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Fractional Quantifier Prefixes (sub-multiples of ten) Used in Chemistry for Units of Measure such as Mass, Moles, Volume, and Time

Use and Misuse of Published Literature

Immeasurable value of the science literature resides in its use to reveal what is knowable. A complex "garden of knowledge," the literature is designed to be continually cultivated, grown, harvested, digested, and seeded. In the absence of care, its fruits wither and rot. Neglected and ignored, its vast facts lay strewn about – otherwise capable of revealing much – but in the end, telling nothing.

Science is built up with facts, as a house is with stones. But a collection of facts is no more a science than a heap of stones is a house.

[La Science et l’Hypothese (1908), Jules Henri Poincaré (1854–1912), French mathematician, physicist, philosopher of science; excerpted from The Columbia World of Quotations (1996), quote #44785]

The discussions offered here focus on the immense value – and pitfalls – of the often underutilized published literature. One notable, real-world example of mining the published literature to a gain higher-level synthesis of knowledge is the systematic, ongoing review of randomized controlled medical trials (RCTs) performed by the Cochrane Collaboration.

"Literature Forensics?  Door to What Was Known but Now Forgotten" (by C.G. Daughton) [PDF, 110 KB]

For further discussions on "Literature Forensics", also see:
(i) "Literature Forensics: Navigating Through Flotsam, Jetsam, and Lagan,"
by C.G. Daughton
[The Scientist 2002, 16(4),12 (Feb. 18)]
available: http://www.the-scientist.com/yr2002/feb/opin_020218.html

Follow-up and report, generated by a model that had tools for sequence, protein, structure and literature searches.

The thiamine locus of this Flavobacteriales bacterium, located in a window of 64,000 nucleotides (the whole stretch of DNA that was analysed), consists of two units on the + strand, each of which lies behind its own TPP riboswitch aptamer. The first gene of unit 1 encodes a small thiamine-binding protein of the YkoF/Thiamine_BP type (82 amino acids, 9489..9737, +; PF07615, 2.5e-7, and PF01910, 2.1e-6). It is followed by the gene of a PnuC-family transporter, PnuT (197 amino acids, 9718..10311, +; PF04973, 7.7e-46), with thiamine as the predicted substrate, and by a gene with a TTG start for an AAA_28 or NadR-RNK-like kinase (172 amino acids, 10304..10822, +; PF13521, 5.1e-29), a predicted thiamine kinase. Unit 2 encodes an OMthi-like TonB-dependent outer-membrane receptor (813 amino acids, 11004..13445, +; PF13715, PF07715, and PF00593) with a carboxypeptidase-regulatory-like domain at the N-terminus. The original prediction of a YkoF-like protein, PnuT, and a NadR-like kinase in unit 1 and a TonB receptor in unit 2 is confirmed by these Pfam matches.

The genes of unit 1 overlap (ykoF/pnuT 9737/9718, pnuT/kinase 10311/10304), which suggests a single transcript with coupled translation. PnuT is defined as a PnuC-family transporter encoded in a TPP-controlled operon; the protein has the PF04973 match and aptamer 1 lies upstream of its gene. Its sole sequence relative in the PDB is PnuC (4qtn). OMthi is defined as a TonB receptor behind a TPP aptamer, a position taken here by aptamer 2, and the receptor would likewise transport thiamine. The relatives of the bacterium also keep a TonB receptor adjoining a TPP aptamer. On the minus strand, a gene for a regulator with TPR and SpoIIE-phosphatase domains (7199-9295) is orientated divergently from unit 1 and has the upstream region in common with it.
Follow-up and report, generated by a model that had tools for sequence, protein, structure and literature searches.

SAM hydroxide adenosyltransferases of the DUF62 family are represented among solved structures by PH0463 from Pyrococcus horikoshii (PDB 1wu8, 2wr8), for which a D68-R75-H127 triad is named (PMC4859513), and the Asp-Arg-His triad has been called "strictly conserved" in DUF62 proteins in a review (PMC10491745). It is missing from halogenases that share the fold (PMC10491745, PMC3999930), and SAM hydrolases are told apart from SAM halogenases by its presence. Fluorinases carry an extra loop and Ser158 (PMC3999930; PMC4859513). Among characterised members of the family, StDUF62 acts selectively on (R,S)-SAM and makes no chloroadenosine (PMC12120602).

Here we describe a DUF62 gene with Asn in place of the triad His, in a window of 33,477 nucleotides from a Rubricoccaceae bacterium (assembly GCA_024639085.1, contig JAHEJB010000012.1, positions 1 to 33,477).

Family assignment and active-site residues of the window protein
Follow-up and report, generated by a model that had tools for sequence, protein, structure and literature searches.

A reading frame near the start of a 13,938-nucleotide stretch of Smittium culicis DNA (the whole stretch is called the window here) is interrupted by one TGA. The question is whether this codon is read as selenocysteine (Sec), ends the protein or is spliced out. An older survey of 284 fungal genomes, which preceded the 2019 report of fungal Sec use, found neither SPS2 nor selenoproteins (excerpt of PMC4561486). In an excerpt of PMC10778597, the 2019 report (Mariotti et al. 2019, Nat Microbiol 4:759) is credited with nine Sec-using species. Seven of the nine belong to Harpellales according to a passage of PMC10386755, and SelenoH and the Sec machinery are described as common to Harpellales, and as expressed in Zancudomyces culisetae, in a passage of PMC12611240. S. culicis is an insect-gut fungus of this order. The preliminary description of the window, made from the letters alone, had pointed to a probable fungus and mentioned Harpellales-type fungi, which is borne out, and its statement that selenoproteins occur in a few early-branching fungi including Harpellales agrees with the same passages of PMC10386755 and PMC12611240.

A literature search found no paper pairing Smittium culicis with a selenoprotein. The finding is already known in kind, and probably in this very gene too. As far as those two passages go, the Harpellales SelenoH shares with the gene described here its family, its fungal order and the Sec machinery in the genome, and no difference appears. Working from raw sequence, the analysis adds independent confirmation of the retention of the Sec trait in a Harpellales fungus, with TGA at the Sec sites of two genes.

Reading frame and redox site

(ii) "The Disregard Syndrome: A Menace to Honest Science?" by Isaac Ginsburg
[The Scientist 2001, 15(24), 51 (Dec. 10)]
available: http://www.the-scientist.com/yr2001/dec/opin_011210.html (access requires free registration)  
(iii) "Demand Citation Vigilance" by Eugene Garfield
[The Scientist 2002, 16(2), 6 (Jan 21)]
available: http://www.the-scientist.com/yr2002/jan/comm_020121.html
(iv) "A Case for Reviews" by W.R. (Bill) Klemm
[The Scientist 2002, 16(9), 13 (Apr 29)]
available: http://www.the-scientist.com/yr2002/apr/let2_020429.html (access requires free registration)  
(v) "Do Not Disregard" by Ramon M. Fusaro
[The Scientist 2003, 17(15), 11 (28 July)]
available: http://www.the-scientist.com/yr2003/jul/letters3_030728.html

Case Study: "Literature Forensics and Life or Death"
"Johns Hopkins’ Tragedy: Could Librarians Have Prevented a Death?" (by Eva Perkins, Information Today, 7 August 2001):
"The Blame Game" (by Barbara Quint, Searcher, October 2001, 9[9], 6-9):

Case Study: Lesson in the critical importance of verifying primary sources

[On 27 September 2002, major world print and telecast news sources reported on a purported WHO genetic study that forecasted the human gene for blonde hair would eventually become extinct (from the selective pressure of mimicry). Below is one of the many first reports that failed to check the primary source, as well as a follow-up corrective story and the correction that the WHO had to publish]
"Blondes 'to die out in 200 years'" (BBC News, 27 September 2002)
"Clarification of erroneous news reports indicating WHO genetic research on hair colour" (World Health Organization, 2 October 2002)

"Lazy Citing"
"Copied Citations Create Renowned Papers?" (M.V. Simkin and V.P. Roychowdhury, 8 May 2003) ) [PDF, size not available, 3 pp.]
"Copied citations give impact factors a boost" (Tom Clarke, Nature 2003, 423:373)
"Paper trail reveals references go unread by citing authors" (Philip Ball, Nature 2002, 420:594)

"Selective Reporting/Citing"
"Evidence b(i)ased medicine—selective reporting from studies sponsored by
pharmaceutical industry: review of studies in new drug applications" (H. Melander, J. Ahlqvist-Rastad, G. Meijer, B. Beermann, BMJ 2003, 326:1171-1173 [31 May])

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